Highlight of the month
Sigurður Ólafsson – „Svanurinn minn syngur“ (My swan sings)
Sigurður Ólafsson was born in Reykjavík on 4 December 1916 and died 13 July 1993. He was for a long time one of the nation´s best-known singers. In a singing career that lasted about 50 years, he sang with choirs, at funerals, with dance-bands and in song concerts. Besides he sang a few opera roles and other singing roles in The National Theatre and participated e.g. in the first production of the opera Rigoletto. Sigurður´s singing was also published on many albums. One of them is Sigurður Ólafsson sings Icelandic songs which is a 78 rpm record produced by Íslenzkir tónar in 1954.There Sigurður sings three songs by Sigvaldi Kaldalóns (1881-1946) accompanied on the piano by Carl Billich (1911-1989), „Sprengisandur“ and „Kveldriður“, that both have lyrics by Grímur Thomsen (1820-1896) and „Svanurinn minn syngur“ with lyrics by Halla Eyjólfsdóttir (1866-1937). The record is a mono recording. The recording is done at the Icelandic National Broadcasting Service (RÚV). The pressing was done by AS Nera in Oslo.
The composer Sigvaldi Kaldalóns was born in Reykjavík and graduated in 1908 as a physician from the School of Medicine in Reykjavík. He worked as a doctor in Denmark and in Hólmavík for a year, and then in the Nauteyri district of the West Fjords 1910-1921 where he took the name Kaldalóns after the nearest fjord. He was later a doctor on Flatey island and finally in Grindavík, Keflavík district. He died in Reykjavík 28 July 1946. The poet Halla Eyjólfsdóttir was born in Gilsfjarðarmúli in Geiradalur district but moved with her husband, Þórður Jónsson, to Laugaból in Nauteyri district. Her son, Sigurður Þórðarson, was a good friend of Sigvaldi Kaldalóns and published his first collection of songs in three volumes 1916-18. Halla´s collection of poetry, Ljóðmæli, was published by Sigurður in 1919. The first poem in the collection is „Svanurinn minn syngur“ (My swan sings), that first appeared a year before in the third volume of songs by Kaldalóns. Sigurður Þórðarson once said that the origins of the poem may be traced to one occasion when he was going hunting and his mother, Halla, said: „If you kill a swan, you are murderers.“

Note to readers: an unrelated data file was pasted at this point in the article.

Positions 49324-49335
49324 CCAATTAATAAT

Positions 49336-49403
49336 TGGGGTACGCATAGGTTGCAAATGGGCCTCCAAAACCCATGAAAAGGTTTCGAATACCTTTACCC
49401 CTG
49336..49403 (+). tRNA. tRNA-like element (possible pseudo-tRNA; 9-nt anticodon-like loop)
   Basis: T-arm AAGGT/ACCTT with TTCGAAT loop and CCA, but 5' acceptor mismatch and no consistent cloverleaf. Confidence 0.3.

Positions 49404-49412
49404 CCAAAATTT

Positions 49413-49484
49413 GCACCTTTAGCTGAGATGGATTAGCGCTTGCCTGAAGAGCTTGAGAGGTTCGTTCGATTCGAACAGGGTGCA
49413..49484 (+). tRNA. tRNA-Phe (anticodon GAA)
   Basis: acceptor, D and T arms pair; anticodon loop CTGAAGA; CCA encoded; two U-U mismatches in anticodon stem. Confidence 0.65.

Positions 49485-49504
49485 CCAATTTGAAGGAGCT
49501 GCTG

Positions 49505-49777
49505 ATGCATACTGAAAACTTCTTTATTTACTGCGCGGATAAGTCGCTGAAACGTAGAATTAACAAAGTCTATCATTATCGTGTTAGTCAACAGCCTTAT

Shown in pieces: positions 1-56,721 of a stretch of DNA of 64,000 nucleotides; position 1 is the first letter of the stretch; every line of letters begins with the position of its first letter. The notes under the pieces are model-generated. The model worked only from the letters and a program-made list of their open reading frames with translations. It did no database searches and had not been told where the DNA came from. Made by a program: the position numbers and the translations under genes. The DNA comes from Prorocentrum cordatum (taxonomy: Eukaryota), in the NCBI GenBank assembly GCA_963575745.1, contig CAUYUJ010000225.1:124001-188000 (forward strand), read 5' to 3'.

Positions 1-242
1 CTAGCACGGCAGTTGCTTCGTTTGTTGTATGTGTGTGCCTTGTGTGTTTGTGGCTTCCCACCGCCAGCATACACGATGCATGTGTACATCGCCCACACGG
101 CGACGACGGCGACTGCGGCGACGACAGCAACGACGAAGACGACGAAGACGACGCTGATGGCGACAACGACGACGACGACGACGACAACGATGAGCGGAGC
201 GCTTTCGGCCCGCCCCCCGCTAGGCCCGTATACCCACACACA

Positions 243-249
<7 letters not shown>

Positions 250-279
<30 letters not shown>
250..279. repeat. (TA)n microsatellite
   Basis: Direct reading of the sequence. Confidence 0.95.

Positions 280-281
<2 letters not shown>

In the National Library´s Sound library you can listen to Sigurður Ólafsson sing „Svanurinn minn syngur“ (My swan sings):http://hljodsafn.landsbokasafn.is/audioFileDisplay/5228?ui-lang=en